Material and system changes are vital. When plastic use is essential, products must be designed, manufactured and used within closed loops as part of a circular economy (Nature 494 169-171, 2013). Plastics are durable materials that lend themselves to multiple reuse and efficient recycling, not disposal. Manufacturing plastics without hazardous chemical additives, stopping the use of non-recyclable plastics and boosting support for consistent, effective collection and recycling by municipalities could, alongside consumer education, bring diverse benefits. On the other hand, for essential plastic products, a strict precautionary approach needs to be applied to any bio-based plastics to ensure biomass feedstock does not intensify competition for forest and agriculture land resources.
In December 2017, the Third Session of United Nations Environment Assembly (UNEA 3) resolved to convene meetings of an Ad Hoc Open-ended Expert Group on Marine Litter and Microplastics. This expert group met twice in 2018 “to further examine barriers to and options for combating marine plastic litter and microplastics”.
The co-chairs’ report back will serve as the basis for further discussion at UNEA 4 to be held in March 2019. Agreements among experts to strengthen the science-policy interface at the international level are encouraging, which strategically could be linked to the aforementioned ongoing broad science-policy interface discussion on international chemical governance under the intersessional process of Saicm for a ‘Beyond 2020’ mechanism, to reflect the full lifecycle principle identified by the co-chairs.
Opinions on preferred governance options remain more diverse, though. Having previously noted the need for a comprehensive approach to lifecycle management of plastics, to address additives and to apply the principles of environmental impact assessment (EIA) and extended producer responsibility (EPR), UN Environment concluded in its 2018 Summary For Policy Makers document (UNEP 2018) that “current governance strategies and approaches provide a fragmented approach that does not adequately address marine plastic litter and microplastics… These efforts will provide some degree of progress, but combined may not reach the desired outcomes at a global level of protecting the environment, human health and food security.”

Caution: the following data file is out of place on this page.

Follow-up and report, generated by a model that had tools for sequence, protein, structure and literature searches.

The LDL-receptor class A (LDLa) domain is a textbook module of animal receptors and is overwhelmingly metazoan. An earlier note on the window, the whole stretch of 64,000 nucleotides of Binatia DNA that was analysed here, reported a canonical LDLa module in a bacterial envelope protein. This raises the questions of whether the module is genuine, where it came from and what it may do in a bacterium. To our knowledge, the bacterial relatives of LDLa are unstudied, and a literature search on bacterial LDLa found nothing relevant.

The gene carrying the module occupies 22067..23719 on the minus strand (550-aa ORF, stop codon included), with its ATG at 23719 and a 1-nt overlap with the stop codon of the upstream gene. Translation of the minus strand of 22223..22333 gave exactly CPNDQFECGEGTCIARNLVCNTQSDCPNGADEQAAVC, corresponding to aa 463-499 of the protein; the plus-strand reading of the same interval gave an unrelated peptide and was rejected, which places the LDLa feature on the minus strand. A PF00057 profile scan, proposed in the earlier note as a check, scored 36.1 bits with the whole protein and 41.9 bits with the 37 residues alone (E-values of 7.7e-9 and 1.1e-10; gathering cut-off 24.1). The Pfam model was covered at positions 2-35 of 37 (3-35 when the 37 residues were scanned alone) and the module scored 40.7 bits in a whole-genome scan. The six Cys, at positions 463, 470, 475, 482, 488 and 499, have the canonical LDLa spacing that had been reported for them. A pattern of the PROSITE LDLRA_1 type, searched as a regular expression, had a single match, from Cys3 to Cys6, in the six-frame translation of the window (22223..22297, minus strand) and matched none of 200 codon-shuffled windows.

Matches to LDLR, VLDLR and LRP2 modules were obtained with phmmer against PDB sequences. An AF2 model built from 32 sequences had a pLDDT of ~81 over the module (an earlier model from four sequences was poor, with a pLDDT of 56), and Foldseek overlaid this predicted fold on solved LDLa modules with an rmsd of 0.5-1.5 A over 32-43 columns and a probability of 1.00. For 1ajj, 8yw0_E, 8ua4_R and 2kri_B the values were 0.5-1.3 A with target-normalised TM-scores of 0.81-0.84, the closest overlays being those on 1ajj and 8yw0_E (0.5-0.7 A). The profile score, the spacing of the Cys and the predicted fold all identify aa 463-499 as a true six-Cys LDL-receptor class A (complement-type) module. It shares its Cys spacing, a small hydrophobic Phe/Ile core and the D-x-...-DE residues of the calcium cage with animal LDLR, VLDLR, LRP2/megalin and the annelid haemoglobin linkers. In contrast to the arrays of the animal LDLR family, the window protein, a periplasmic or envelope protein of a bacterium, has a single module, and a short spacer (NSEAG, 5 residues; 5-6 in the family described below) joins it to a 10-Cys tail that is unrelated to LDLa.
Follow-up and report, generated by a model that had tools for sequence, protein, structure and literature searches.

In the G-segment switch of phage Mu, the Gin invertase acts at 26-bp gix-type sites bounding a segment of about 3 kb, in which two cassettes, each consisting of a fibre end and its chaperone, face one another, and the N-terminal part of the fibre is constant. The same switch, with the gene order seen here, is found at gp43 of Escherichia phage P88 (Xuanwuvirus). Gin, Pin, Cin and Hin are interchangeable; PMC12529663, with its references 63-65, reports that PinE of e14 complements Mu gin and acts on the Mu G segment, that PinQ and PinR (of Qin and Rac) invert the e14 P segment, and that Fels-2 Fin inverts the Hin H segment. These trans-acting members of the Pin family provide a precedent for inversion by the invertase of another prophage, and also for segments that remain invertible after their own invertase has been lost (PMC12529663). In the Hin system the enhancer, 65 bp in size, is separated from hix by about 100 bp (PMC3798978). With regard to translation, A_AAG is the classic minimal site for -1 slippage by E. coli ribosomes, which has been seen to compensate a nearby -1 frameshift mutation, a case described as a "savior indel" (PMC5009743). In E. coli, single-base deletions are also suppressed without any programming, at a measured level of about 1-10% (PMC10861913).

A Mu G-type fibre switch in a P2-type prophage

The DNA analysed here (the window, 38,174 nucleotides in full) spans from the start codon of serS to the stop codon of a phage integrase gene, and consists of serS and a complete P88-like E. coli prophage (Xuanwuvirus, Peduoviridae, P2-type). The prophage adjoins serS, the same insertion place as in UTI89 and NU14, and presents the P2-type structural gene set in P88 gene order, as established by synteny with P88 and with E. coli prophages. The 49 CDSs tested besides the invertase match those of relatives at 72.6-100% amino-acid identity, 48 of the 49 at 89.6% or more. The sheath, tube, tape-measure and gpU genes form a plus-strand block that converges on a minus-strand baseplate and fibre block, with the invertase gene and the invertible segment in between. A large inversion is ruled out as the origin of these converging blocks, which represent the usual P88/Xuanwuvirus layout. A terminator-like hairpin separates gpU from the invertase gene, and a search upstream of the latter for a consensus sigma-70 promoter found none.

That’s why some countries and stakeholders see the needs, and strongly call for, a new global convention on plastic pollution with a mandate to manage the lifecycle of plastics. The aim is to prevent marine and other plastic pollution, which should anchor, build upon and complement existing regional and global voluntary and binding frameworks, allowing them to contribute within their core competencies.
Fortunately, most of these needs and missing elements have at least now been recognised, discussed and recorded by co-chairs in their report as major principles for enhanced coordination and governance (eg the full lifecycle approach). By the time of the Chemical Watch Global Business Summit 2019, and in the wake of UNEA 4, we can hope there will be more clarity on the next vital steps towards a more sustainable future.
UN Environment (2018) UNEP/AHEG/2018/1/INF/3: Combating Marine Plastic Litter and Microplastics: An Assessment of the effectiveness of relevant international, regional and subregional governance strategies and approaches – Summary for Policy Makers. https://papersmart.unon.org/resolution/uploads/unep_aheg_2018_1_inf_3_summary_policy_makers.pdf
Nature Communications 9:667; 2018: Plastic pollution of the world’s seas and oceans as a contemporary challenge in ocean governance. https://www.nature.com/articles/s41467-018-03104-3.pdf?origin=ppub
Nature 502, 615-617; 2013: Environment: Waste production must peak this century. https://www.nature.com/news/environment-waste-production-must-peak-this-century-1.14032
Science 347, 768 -771; 2015: Plastic waste inputs from land into the ocean. http://science.sciencemag.org/content/347/6223/768
Nature 494 169–171, 2013: Policy: Classify plastic waste as hazardous. https://www.nature.com/articles/494169a